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Spoiler Alert! GOTHAM's Gordon Far Too Super to Be TV Hero

Superheroes have been a part of the television landscape almost since the medium was invented. From the days of George Reeves' Superman, to Adam West as Batman, to Hayden Panettiere on HEROES, we have always had a fascination with the idea that extraordinary people, both physically and morally, might be living amongst us.

However, as the television landscape has shifted over the last decade, so have our expectations of our heroes. Far fewer viewers are looking for the white knight in a colorful costume. Now, we expect our heroes to blur the line between black and white. Which is why I was simultaneous excited and disappointed by the series premiere of Fox's newest superhero drama, GOTHAM last week. Though the story is a prequel to that of Batman, and, thus far, has no plans to feature any "superheroes," Detective James Gordon is set up to be a "super hero" amidst the morally decaying Gotham City Police Department.

GOTHAM, which focuses on the early career of the detective who will become commissioner, opens with the infamous murder of Bruce Wayne's parents, the singular event that leads to the billionaire orphan later donning a cape and cowl to extract his high-tech brand of vigilante justice. While I am not an expert on all of the iterations of the DC Universe, as far as I know, James Gordon is nothing but the honest, upright bastion of truth and justice that he is portrayed to be in the pilot episode.

Ben McKenzie, as Gordon, utters such good guy clichés as, "There will be light," to a distraught Bruce, still on the scene of his parents' murders. However, this brand of do-gooder seems almost as passé as the "Pow" graphics used in the 60s. Nowadays, TV viewers aren't looking for superheroes, they're looking for antiheroes; Tony Soprano, Walter White, Don Draper, Dexter Morgan, Lorne Malvo.

Colorfully caped crusaders who fight for truth, justice, and the American way (despite their own personal moral idiosyncrasies) still fly on the big screen, as the movie theatre allows for a much wider scope, where the heroes can be part of a larger, grand epic. However, though the size of the average TV screen is continuing to increase, television, try as it might, is just not equipped to deliver the breath-taking grandeur that movies can. Instead, television's recent resurrection as an art form has thrived on the intimate and introspective; the damaged and the dangerous.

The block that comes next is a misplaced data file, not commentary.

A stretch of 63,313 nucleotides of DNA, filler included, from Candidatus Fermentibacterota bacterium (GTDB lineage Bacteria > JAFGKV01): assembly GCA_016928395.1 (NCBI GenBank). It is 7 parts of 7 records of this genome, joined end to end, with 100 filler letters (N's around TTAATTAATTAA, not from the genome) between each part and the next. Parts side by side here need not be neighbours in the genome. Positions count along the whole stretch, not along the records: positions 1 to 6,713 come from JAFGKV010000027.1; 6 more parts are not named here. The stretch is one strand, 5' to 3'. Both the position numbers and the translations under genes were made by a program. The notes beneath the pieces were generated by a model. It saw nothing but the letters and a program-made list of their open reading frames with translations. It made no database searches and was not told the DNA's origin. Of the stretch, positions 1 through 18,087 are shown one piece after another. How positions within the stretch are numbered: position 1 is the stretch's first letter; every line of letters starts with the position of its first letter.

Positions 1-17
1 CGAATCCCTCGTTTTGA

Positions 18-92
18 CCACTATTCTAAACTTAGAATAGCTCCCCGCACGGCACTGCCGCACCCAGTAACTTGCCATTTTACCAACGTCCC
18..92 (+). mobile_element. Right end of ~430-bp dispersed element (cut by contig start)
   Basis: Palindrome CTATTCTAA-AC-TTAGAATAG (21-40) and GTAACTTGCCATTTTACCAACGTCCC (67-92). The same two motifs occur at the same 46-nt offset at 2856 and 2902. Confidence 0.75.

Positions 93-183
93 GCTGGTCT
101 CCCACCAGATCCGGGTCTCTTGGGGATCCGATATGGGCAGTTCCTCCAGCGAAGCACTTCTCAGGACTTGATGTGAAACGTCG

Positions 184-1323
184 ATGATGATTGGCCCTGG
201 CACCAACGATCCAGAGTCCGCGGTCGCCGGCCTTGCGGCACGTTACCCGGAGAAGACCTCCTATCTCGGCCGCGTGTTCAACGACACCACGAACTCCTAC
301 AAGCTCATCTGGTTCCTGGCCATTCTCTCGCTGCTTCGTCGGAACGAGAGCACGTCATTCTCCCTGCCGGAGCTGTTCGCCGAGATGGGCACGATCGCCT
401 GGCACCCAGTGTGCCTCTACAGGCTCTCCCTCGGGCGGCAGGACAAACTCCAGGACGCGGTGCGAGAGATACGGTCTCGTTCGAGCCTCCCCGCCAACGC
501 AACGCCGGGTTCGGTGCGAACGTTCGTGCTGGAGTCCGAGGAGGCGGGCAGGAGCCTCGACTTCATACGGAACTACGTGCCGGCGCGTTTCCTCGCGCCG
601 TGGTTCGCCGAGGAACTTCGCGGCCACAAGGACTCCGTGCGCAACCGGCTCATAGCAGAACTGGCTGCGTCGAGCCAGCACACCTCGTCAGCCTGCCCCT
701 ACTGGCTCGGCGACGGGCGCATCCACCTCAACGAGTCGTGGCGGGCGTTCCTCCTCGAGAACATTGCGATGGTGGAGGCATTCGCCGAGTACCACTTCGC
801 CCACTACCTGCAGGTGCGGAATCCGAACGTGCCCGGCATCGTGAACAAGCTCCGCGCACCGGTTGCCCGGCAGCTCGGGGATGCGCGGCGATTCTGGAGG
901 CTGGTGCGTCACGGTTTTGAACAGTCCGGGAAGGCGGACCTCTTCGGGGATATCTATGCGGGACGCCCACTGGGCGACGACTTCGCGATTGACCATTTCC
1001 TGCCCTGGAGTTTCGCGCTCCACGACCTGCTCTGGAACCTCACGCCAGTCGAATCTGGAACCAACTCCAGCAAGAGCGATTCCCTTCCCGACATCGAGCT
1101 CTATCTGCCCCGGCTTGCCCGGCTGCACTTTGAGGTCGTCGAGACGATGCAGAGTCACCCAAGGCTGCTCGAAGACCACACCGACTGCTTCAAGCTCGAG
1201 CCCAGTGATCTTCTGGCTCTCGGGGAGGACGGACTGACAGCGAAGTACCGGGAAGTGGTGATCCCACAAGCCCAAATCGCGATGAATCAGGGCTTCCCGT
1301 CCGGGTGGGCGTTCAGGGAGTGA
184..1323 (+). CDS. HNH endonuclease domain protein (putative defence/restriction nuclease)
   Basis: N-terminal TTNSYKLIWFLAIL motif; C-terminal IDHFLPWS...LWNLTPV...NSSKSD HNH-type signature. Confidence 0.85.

That is why I found Gordon to be only mildly compelling, based mostly on McKenzie's appeal, while I was thoroughly captivated by Cory Michael Smith as Edward Nygma, though he was only in a small scene, and Camren Bicondova's Selina Kyle, who never spoke while prowling around the outskirts of Gotham. It doesn't take a comic book enthusiast to know that these two will eventually become Batman's nemeses The Riddler and Catwoman. So the fact that we already know that these characters are, at best, morally ambiguous, makes them that much more fascinating.

Though 13 years ago SMALLVILLE turned into a cultural phenomenon, as millions tuned in to see a teenaged Clark Kent grow into Superman, that specific brand of "awe-shucks" naiveté just won't play on television today. While I don't expect GOTHAM's Gordon to be as hapless as Tom Welling's Clark was at times, I do expect him to fight the same good fight that we saw in the pilot; doing right when no one else will; many, many times over.

So, when I choose to visit GOTHAM, which probably won't be every week, it will be in an effort to see what makes a coroner into a Riddler, a street kid into a Catwoman, and a mob snitch into a Penguin.

You've read what I think; what about you? Does Detective Gordon have what it takes to be a TV super hero? Have your say in the comments below, or let me know on Twitter @BWWMatt. Also, don't forget to follow @BWWTVWorld on Twitter and Like us on Facebook for all of the latest TV news, reviews, and recaps.

Photo Credit: Jessica Miglio | Fox

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From This Author Matt Tamanini